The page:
Ten Ways to Guarantee Project Failure

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Summary:

Naomi Karten specializes in helping companies succeed in their projects. In this column, however, she gives tongue-in-cheek advice on how to make a project fail. Read on to see if these steps to failure are part of your organization's modus operandi.

Imagine that you've been put in charge of a mighty important project. Imagine further that you're allergic to success and will do anything to avoid it. What can you do to ensure that the project doesn't just fail, but (just to be safe) fails miserably? Here are ten suggestions:

1. Abbreviate the planning process
Planning is boring. It takes too long, and diverts attention from doing real work. Besides, there's nothing to show for it, so name the project, sketch some squiggles on a scratch pad, and get going. There's no need to strategize every little detail. Everything will fall into place in its own time.

2. Don't ask "what if?"
What if we have staff turnover during the project? What if some anticipated business changes actually come to pass? What if the other groups on our critical path perceive priorities differently from the way we do? Hypothetical possibilities are great for hypothetical projects, but this project is real. Just focus on the here and now, and you'll be fine.

3. Minimize customer involvement
Customers just slow things down. Anyway, they don't know what they want, so why bother asking them? Do your best to avoid customer input, and don't waste time with customers clarifying project direction, scope, and expectations. You can't afford such trivial pursuits when you've got a deadline to meet.

4. Select team members by the "hey, you" method
It doesn't really matter who is on the project team. If the people you initially assign prove too slow, you can always add more. Don't worry about the learning curve; they can teach each other. If progress is still too slow, reorganize the team and watch energy levels soar.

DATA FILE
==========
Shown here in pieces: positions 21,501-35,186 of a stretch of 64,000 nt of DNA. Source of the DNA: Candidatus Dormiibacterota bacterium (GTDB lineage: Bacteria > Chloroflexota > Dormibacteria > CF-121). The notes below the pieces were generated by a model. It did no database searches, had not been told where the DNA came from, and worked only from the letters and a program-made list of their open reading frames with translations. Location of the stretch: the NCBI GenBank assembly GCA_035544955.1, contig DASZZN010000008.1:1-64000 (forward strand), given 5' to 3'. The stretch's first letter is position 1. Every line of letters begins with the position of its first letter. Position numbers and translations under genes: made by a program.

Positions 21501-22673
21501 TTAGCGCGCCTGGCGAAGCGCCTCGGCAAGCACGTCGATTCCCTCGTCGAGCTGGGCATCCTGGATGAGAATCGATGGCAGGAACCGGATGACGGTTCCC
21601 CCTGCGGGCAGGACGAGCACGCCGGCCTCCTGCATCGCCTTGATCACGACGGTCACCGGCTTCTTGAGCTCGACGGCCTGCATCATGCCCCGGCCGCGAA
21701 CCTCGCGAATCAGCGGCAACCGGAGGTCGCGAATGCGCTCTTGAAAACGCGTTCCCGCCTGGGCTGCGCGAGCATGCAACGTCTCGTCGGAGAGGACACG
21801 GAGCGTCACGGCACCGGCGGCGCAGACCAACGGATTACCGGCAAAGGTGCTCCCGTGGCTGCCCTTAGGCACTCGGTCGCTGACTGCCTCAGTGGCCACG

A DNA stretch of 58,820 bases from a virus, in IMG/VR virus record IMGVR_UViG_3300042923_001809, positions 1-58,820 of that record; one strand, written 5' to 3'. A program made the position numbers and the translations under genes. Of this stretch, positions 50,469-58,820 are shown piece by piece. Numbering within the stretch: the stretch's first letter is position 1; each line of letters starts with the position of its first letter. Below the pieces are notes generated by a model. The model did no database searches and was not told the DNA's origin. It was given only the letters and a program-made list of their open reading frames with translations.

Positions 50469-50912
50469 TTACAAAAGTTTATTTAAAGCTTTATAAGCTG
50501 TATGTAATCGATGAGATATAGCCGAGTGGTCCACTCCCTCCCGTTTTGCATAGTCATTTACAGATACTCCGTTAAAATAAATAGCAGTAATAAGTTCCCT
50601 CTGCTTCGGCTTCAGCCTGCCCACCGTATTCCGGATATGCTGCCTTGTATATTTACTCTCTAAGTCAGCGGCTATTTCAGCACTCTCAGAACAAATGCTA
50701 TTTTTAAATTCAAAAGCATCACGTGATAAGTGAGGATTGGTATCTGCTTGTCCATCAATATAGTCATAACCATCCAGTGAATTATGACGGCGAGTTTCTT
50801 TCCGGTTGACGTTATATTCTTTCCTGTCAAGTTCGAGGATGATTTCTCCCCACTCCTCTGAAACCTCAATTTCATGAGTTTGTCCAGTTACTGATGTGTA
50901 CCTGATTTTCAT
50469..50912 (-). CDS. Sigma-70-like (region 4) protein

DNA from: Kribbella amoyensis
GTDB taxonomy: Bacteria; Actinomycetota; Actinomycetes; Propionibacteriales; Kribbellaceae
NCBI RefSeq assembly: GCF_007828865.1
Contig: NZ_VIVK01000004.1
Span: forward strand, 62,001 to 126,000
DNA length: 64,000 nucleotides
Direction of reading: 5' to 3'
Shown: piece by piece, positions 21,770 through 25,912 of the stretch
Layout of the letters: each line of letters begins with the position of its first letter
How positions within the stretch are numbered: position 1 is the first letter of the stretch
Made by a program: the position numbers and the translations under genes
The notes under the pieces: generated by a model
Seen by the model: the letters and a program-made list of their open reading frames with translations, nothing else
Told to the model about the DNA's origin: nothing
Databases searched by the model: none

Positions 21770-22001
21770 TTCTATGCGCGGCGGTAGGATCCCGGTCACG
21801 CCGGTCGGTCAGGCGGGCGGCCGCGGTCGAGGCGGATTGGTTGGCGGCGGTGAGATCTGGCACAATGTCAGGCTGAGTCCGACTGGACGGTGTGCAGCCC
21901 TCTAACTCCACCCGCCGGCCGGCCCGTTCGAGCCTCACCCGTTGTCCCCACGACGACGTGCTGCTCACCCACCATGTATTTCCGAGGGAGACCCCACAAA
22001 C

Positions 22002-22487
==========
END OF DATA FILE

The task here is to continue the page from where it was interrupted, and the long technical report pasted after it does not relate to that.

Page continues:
5. Work people long and hard
People who work a normal workweek aren't invested in the project. Anyway, people who work weekends get out of mowing the lawn, chauffeuring the kids, and entertaining the in-laws. There's something wrong with a deadline if people can meet it without any overtime.

6. Don't inform management of problems
Managers have better things to do than be concerned with what and how you're doing. If you're going to bother them with a problem, wait till it's a real doozy. Then spring it on them. Don't worry, they can handle it. After all, that's what management is paid for.

About the author

Naomi Karten's picture Naomi Karten

Naomi Karten is a highly experienced speaker and seminar leader who draws from her psychology and IT backgrounds to help organizations improve customer satisfaction, manage change, and strengthen teamwork. She has delivered seminars and keynotes to more than 100,000 people internationally. Naomi's newest books are Presentation Skills for Technical Professionals and Changing How You Manage and Communicate Change. Her other books and ebooks include Managing Expectations, Communication Gaps and How to Close Them, and How to Survive, Excel and Advance as an Introvert. Readers have described her newsletter, Perceptions & Realities, as lively, informative, and a breath of fresh air. She is a regular columnist for StickyMinds.com. When not working, Naomi's passion is skiing deep powder. Contact her at naomi@nkarten.com or via her Web site, www.nkarten.com.

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